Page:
Miraculous rescue of trapped Congolese miners highlights dangerous conditions

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One by one, the men pop out of a small hole in the earth to the cheers of dozens of fellow miners. Ten artisanal miners were rescued on March 24 after spending 18 hours trapped underground after a landslide at the Mitondo Hill mining site in the South Kivu province in eastern Democratic Republic of the Congo. A video showing the rescue was shared widely online. While initial reports say that no lives were lost in this accident, it was a close call – and remains proof of the terrible danger faced daily by the nation’s artisanal miners. 

The stunning, almost unbelievable, video shows a man balanced on a patch of earth, using a shovel to create an opening. He brings down the shovel several times before a man springs from the earth – one of the trapped miners. Eight other men pop out behind him in quick succession, to the yells of the crowd. This incredible video, filmed the afternoon of March 24 at the Mitondo Hill mining site in Nyange, South Kivu, has since garnered tens of thousands of views on different platforms. 

In this tweet in French, Fiston Mahamba Wa Biondi says that most artisanal miners in the Democratic Republic of the Congo don’t have any kind of protective equipment. He adds, “the rescue after a landslide is a miracle!”

Our team spoke to witnesses who said that miners were digging for gold in a tunnel in the hill when, around 10pm, it started to rain, provoking a landslide. Ten men – nine of whom appear in the video – were trapped in the tunnel for 18 hours. 

‘There was an enormous amount of earth to move, which took several hours’

Patrice Kabwe Kashindi is the managing director of the Ngandja mining cooperative. He helped the rescue effort:

We started the rescue work around 8am, mainly using motor pumps to remove the water. There were a lot of people working to help, including miners from different cooperatives. We were assisted by teams from SAEMAPE [Editor’s note: an acronym for the Service for the assistance and supervision of small-scale and artisanal mining, which is part of the Ministry of Mining].

We also had assistance from the mining police. There was an enormous amount of earth to move, which took several hours. 

Then, finally, around 4pm, we finally reached our goal and the first miner was able to get out. 

According to witnesses, none of the ten miners were seriously injured. They are doing well and have even started working again. 

The men who survived the landslide on Mitondo hill in Nyange on March 24, 2023.
The men who survived the landslide on Mitondo hill in Nyange on March 24, 2023. © Observers

‘They survived because their mining shaft was ventilated and was pretty large’

Guillaume Ali is a Congolese investigator with IPIS, an independent research institute in Belgium. He focuses on the conflicts and natural resources around Africa’s Great Lakes region. He spoke to several witnesses of the incident.  

There are many tunnels and shafts dug into the side of Mitondo Hill, one on top of another. When the miners work, they throw earth and rocks out onto the slope. So when there is a heavy rain, the water picks up all of the earth and debris, and, when there is too much water, it all starts to slide. When a landslide like that happens, big pieces fall first. It’s so dangerous that it is impossible to launch a rescue effort until conditions are better or you risk the lives of the rescuers as well.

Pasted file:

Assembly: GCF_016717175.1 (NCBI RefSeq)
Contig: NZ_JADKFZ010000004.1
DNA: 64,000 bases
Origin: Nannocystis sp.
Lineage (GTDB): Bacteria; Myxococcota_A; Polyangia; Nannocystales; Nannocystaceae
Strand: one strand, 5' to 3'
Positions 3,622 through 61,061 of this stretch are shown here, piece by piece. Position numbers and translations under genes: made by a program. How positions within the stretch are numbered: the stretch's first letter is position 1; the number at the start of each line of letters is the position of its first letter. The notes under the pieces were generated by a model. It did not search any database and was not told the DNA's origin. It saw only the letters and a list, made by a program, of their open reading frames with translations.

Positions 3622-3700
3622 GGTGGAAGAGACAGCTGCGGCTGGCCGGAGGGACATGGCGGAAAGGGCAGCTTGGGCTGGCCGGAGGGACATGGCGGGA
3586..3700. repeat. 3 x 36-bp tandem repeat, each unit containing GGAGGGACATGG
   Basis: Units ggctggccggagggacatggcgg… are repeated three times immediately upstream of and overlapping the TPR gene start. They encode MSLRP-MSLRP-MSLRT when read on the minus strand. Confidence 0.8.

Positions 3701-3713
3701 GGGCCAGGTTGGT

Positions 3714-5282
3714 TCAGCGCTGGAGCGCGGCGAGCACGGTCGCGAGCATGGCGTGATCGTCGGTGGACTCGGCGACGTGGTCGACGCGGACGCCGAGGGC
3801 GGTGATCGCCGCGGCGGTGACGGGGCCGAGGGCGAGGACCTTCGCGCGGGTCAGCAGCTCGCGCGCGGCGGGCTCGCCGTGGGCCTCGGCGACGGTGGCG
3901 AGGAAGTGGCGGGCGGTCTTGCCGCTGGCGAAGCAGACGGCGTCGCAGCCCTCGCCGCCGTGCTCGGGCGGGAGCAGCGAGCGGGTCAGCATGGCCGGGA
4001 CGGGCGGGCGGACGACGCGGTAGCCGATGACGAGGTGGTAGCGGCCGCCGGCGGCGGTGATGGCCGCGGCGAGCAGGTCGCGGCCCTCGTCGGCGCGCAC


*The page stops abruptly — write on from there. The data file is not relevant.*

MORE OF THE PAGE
This group survived because their shaft was ventilated and was pretty large [Editor’s note: The sources who spoke to our team said that the shafts were between 60 and 300 metres long. We were unable to independently verify this.]

Moreover, as you can see in the video, the shaft was almost horizontal and not vertical, which allowed them to save oxygen. It’s really important not to move very much in these situations in order to save oxygen. But in a vertical shaft, the men would have had to climb and move, which would have made the situation more difficult.

Mitondo Hill is an important mining site and we’ve documented that there are more than 250 tunnels dug into it. As soon as someone thinks that they’ve found a seam, they’ll dig a new one. 

The miners dig these tunnels in an anarchic fashion, there is no plan – so Mitondo Hill is essentially a tangle of tunnels and shafts. Many of them aren’t solid and are ready to collapse. The fact that these tunnels intersect, in both Mitondo and other mining sites, is one of the main causes of death among miners.

About eight kilos of gold are mined each week at the Mitondo site, according to Ipis. About 2,500 artisanal miners work there – for most of them, this is the best chance to make some money. But there are many accidents here, just like in other regional mining sites. Landslides at the Mitondo site caused three deaths and 40 injuries between October 2022 and February 2023, according to IPIS. Moreover, an armed group, the Mai Mai Yakutumba, uses Mitondo to finance itself. 

>> Read more on The Observers: Children still working in gold mines in the DR Congo, human rights groups say

“From a work safety perspective, all is well” in the region’s mines, the Minister for South Kivu Mines, Kok Chirimwani, told the FRANCE 24 Observers team. Chirimwani travelled to Mitondo on March 31. 

“There are sometimes small incidents when people work during non-authorised hours,” Chirimwani added, referring to those working at night. He added that SAEMAPE tells miners to stop working when it is raining, unlike the miners who were trapped in the recent landslides.

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